Cognitive surplus - the untapped potential of Development 2.0

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New business models, crowdsourcing data, falling IT costs - all represent different facets of the potential for web 2.0 applications to the development sector.

In a recent seminar at the Bank, Dion Hinchcliffe pointed me to a new item to be added to the list, borrowed from Clay Shirky: namely, "cognitive surplus". Wikipedia is one example of the surplus in action:

So if you take Wikipedia as a kind of unit, all of Wikipedia, the whole project--every page, every edit, every talk page, every line of code, in every language that Wikipedia exists in--that represents something like the cumulation of 100 million hours of human thought. I worked this out with Martin Wattenberg at IBM; it's a back-of-the-envelope calculation, but it's the right order of magnitude, about 100 million hours of thought.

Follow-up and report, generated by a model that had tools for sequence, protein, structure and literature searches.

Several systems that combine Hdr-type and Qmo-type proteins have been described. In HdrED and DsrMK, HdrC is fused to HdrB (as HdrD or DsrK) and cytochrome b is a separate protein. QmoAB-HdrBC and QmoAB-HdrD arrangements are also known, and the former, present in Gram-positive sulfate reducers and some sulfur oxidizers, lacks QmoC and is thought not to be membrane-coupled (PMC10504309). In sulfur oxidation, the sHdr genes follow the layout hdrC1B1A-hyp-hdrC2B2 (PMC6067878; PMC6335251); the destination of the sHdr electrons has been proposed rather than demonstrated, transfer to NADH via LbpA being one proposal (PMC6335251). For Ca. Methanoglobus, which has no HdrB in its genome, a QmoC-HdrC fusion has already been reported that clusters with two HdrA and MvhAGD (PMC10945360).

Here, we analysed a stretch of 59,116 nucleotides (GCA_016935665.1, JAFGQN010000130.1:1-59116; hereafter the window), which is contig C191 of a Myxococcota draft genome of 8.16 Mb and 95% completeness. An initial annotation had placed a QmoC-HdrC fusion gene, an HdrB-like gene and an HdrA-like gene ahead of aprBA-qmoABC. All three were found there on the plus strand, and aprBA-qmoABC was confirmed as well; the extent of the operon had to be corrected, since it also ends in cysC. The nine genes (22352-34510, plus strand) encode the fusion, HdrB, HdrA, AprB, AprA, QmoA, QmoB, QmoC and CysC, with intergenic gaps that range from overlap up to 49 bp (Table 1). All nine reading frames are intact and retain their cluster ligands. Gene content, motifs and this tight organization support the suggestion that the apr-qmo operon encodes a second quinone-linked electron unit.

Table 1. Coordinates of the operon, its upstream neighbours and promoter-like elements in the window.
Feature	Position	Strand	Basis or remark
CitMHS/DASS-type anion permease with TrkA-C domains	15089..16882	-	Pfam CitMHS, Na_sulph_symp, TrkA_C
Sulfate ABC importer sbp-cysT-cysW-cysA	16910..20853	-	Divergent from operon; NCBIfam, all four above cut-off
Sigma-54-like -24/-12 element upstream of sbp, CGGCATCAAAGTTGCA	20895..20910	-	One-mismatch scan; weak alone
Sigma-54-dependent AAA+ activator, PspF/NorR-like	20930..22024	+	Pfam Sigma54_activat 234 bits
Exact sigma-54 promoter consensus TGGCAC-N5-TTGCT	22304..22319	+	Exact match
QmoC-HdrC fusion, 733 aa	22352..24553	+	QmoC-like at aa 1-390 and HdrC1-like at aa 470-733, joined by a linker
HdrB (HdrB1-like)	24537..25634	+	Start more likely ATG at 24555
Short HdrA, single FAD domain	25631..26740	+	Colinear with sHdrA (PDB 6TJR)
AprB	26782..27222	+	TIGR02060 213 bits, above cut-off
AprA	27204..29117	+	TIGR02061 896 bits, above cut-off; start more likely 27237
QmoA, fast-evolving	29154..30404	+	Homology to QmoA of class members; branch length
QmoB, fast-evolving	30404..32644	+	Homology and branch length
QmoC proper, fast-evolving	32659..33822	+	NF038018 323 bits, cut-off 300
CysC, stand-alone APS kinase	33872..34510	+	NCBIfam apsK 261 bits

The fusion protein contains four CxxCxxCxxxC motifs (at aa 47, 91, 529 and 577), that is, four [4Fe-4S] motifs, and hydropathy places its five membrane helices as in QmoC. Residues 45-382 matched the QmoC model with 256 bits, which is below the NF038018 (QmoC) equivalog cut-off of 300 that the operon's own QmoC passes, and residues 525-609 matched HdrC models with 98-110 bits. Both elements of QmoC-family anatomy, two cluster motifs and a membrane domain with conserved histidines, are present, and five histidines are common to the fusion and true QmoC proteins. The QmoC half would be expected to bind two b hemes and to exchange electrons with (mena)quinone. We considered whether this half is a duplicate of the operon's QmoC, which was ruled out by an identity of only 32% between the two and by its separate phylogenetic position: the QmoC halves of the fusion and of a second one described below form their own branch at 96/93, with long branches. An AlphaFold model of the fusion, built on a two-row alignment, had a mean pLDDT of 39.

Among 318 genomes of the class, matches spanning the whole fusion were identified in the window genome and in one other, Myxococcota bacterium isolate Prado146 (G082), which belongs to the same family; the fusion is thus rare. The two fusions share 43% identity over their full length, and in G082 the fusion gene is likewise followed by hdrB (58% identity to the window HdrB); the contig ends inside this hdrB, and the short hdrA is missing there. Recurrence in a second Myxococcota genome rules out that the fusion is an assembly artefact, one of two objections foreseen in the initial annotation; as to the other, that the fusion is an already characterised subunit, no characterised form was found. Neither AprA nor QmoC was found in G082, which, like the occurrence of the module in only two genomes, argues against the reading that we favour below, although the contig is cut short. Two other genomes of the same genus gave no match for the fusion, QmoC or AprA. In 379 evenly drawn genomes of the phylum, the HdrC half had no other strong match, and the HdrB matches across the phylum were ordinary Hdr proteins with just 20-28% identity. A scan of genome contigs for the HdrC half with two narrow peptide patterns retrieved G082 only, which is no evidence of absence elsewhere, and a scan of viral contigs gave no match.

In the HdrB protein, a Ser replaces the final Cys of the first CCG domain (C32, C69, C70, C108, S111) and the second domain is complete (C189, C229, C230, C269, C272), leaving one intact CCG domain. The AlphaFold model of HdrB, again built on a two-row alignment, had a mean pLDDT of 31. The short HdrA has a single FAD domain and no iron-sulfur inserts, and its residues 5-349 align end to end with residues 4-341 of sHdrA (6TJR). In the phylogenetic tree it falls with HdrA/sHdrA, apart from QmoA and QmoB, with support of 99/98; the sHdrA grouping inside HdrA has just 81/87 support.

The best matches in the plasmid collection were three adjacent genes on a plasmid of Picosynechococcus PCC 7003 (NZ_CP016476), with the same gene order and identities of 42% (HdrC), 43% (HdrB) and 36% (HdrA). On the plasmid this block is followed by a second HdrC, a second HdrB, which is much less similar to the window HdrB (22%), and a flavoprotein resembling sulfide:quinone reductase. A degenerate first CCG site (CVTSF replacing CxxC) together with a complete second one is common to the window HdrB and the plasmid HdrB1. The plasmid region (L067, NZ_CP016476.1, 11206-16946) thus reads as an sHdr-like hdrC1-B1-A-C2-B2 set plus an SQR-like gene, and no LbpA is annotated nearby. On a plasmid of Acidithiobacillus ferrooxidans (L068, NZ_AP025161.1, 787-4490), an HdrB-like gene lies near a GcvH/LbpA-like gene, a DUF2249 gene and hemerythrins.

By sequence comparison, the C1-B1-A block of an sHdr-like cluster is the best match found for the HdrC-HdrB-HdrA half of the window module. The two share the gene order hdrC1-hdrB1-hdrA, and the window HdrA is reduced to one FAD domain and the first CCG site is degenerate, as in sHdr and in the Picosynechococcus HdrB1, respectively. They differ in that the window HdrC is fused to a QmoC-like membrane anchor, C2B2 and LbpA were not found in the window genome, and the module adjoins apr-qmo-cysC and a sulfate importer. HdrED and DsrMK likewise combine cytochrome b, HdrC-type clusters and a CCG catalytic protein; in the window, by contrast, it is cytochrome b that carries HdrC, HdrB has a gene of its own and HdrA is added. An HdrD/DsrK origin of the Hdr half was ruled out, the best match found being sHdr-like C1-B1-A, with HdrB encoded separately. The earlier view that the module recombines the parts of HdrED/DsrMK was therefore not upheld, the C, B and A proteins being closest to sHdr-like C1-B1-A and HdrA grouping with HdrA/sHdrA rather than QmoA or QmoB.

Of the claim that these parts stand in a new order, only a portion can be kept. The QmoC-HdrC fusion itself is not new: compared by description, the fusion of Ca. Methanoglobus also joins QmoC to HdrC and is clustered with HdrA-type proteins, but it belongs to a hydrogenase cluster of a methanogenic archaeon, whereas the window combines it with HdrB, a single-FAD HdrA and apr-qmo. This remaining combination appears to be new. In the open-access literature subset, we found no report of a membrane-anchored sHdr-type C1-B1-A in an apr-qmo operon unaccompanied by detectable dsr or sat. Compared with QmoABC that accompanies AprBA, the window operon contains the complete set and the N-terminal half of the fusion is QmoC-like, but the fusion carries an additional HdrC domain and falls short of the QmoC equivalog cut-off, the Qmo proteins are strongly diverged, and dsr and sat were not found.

Now, what if you were to galvanise the equivalent of 100 million hours of thought for development purposes? Admittedly, this might be easier said than done. As Shirky points out, "the interesting thing about a surplus like that is that society doesn't know what to do with it at first" and the "physics of participation" is complex and unpredictable. But the development sector has a comparative advantage here given its skills in tapping into volunteer resources and dealing with complexity. What is often lacking, however, is project design that deliberately aims to exploit network effects and Reed's law - hence the "scaling up" dilemma.

Below are just a couple of examples I came across recently of building "architectures of participation" to take advantage of the surplus:

  • 50,000 Estonians, recruited online, volunteered to clean up 80% of illegal dump sites in one day.
  • IBM recently announced that its World Community Grid will harness the unused and donated power from nearly one million individual PCs to support research into stronger strains of rice. The project is estimated to take less than two years as compared to over 200 years using more conventional computer systems.

So.. what else could we achieve with 100 million hours of collective thought - and action?

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